Uptal D Patel and Brahmajee K Nallamothu

KEY POINTS

■ Renal dysfunction after cardiac catheterization and percutaneous coronary intervention (PCI) is common, is primarily due to exposure to contrast agents, and is associated with worse clinical outcomes.

■ The prevalence of chronic kidney disease is rising, and it is a key risk factor for renal dysfunction after cardiac catheterization and PCI.

■ The presence of chronic kidney disease and end-stage renal disease is associated with worse short- and long-term outcomes even after successful PCI, including higher rates of restenosis and repeat revascularization. The use of coronary stenting and drug-eluting stents may diminish this risk.

■ Calculation of glomerular filtration rates and a simple risk score can help identify high-risk patients before their procedure beyond the use of serum creatinine levels alone.

■ Established keys to preventing renal dysfunction after cardiac catheterization and PCI include periprocedural hydration and use of low- or iso-osmolar contrast agents.

■ Evidence appears to favor the safety and efficacy of antioxidant agents such as N-acetylcysteine in high-risk patients, but not all trials are consistent.

■ Intraprocedural strategies should consistently be used to minimize the volume of contrast agent exposure as much as possible.

Renal dysfunction is a widely-recognized complication of cardiac catheterization and percutaneous coronary intervention (PCI). A transient rise in serum creatinine levels, a common marker for the development of mild renal dysfunction, occurs in up to 15% of patients undergoing these procedures. Although many of these rises are unlikely to be clinically significant, even short-term renal dysfunction after cardiac catheterization and PCI has been associated with longer hospital stays and greater inpatient costs, as well as worse short- and long-term mortality.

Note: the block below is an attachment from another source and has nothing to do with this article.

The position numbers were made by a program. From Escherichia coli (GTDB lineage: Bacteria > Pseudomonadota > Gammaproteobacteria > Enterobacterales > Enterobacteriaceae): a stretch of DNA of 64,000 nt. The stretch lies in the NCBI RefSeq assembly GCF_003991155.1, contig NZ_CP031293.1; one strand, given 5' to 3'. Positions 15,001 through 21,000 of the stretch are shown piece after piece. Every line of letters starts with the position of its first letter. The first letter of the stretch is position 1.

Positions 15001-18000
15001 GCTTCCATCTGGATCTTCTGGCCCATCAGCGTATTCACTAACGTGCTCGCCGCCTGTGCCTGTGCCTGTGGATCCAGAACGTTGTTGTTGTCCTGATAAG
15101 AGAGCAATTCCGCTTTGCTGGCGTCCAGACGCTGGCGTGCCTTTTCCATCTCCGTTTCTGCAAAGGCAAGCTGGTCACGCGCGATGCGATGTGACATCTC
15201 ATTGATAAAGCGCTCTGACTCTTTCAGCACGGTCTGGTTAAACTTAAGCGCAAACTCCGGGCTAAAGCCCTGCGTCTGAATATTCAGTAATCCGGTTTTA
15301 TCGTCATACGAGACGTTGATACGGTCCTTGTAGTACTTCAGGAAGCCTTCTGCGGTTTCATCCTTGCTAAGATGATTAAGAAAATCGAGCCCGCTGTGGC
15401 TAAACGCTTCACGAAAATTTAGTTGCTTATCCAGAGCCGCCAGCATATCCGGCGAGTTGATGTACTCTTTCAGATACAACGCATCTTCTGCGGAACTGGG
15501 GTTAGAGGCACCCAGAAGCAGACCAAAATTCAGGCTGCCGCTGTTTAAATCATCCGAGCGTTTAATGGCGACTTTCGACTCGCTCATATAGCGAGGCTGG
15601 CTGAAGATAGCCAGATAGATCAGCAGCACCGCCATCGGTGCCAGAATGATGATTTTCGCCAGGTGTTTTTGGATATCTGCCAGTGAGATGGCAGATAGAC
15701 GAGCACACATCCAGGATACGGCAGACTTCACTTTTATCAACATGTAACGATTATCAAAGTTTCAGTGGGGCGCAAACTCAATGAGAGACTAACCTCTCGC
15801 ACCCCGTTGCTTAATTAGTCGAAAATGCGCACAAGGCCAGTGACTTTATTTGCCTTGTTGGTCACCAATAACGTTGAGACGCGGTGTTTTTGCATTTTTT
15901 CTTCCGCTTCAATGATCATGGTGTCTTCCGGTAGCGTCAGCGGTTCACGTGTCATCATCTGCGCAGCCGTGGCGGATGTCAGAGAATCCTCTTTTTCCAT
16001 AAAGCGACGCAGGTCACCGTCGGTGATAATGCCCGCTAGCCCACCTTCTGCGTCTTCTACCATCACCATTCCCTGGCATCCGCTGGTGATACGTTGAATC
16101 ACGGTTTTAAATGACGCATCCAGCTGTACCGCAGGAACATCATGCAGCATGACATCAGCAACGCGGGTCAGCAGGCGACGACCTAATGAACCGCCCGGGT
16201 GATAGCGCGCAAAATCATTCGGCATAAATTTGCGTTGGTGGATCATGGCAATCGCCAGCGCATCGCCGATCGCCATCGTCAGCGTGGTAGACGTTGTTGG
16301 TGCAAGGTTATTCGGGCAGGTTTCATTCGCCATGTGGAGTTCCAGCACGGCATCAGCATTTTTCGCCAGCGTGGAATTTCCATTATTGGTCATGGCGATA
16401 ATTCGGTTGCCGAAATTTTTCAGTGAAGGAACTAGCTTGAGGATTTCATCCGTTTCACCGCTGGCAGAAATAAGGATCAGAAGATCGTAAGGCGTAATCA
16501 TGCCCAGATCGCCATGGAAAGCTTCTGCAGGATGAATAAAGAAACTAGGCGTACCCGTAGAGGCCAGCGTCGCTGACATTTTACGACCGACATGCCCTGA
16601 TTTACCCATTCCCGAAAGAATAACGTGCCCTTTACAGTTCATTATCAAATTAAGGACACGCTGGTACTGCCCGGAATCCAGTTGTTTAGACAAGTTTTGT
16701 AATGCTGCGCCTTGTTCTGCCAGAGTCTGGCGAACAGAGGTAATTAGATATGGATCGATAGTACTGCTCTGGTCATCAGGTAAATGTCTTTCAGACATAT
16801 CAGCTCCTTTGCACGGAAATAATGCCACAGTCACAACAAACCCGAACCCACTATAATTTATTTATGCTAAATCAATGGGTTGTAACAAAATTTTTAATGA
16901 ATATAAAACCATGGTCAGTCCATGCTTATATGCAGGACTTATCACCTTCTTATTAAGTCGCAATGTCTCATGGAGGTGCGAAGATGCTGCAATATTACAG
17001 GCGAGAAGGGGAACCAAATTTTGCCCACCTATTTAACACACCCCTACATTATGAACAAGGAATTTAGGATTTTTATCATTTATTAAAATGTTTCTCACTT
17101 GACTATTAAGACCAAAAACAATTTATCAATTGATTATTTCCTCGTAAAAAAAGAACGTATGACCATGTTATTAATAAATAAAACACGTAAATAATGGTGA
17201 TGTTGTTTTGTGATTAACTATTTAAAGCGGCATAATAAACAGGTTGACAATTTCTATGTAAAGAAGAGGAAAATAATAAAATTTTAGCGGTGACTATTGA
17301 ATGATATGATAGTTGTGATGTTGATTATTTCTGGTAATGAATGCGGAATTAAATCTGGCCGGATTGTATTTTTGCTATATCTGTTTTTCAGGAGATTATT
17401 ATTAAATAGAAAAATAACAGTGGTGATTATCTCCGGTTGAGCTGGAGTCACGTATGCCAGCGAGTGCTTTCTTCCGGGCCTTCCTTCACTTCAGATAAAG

Renal dysfunction after cardiac catheterization and PCI is believed to be primarily caused by intraproce-dural exposure to contrast agents that are nephro-toxic in high doses.1 The single most important risk factor that has been linked to the development of renal dysfunction after cardiac catheterization and PCI is the presence of preexisting chronic kidney disease (CKD). Other clinical factors such as diabetes mellitus and hemodynamic instability, which are also highly prevalent in this population, may also contribute to and exacerbate its clinical course. In a small proportion of patients, renal dysfunction is related to renal atheroembolic disease from diffuse atherosclerosis of the aorta. In patients without CKD or other risk factors, the development of renal dysfunction after these procedures is rare.

Importantly, recent diagnostic and therapeutic advances have improved our ability to identify those patients who are at the highest risk for developing renal dysfunction and, further, to minimize its occurrence. In this chapter we provide a summary of these data, with an additional focus on patients with CKD, given its strong association with worsening renal dysfunction as well as subsequent cardiovascular complications. We also briefly comment on patients with end-stage renal disease (ESRD), a group that represents a growing segment of the population undergoing coronary revascularization. Finally, we discuss the role of nonpharmacologic and pharmacologic strategies for reducing the likelihood of developing renal dysfunction in high-risk patients.

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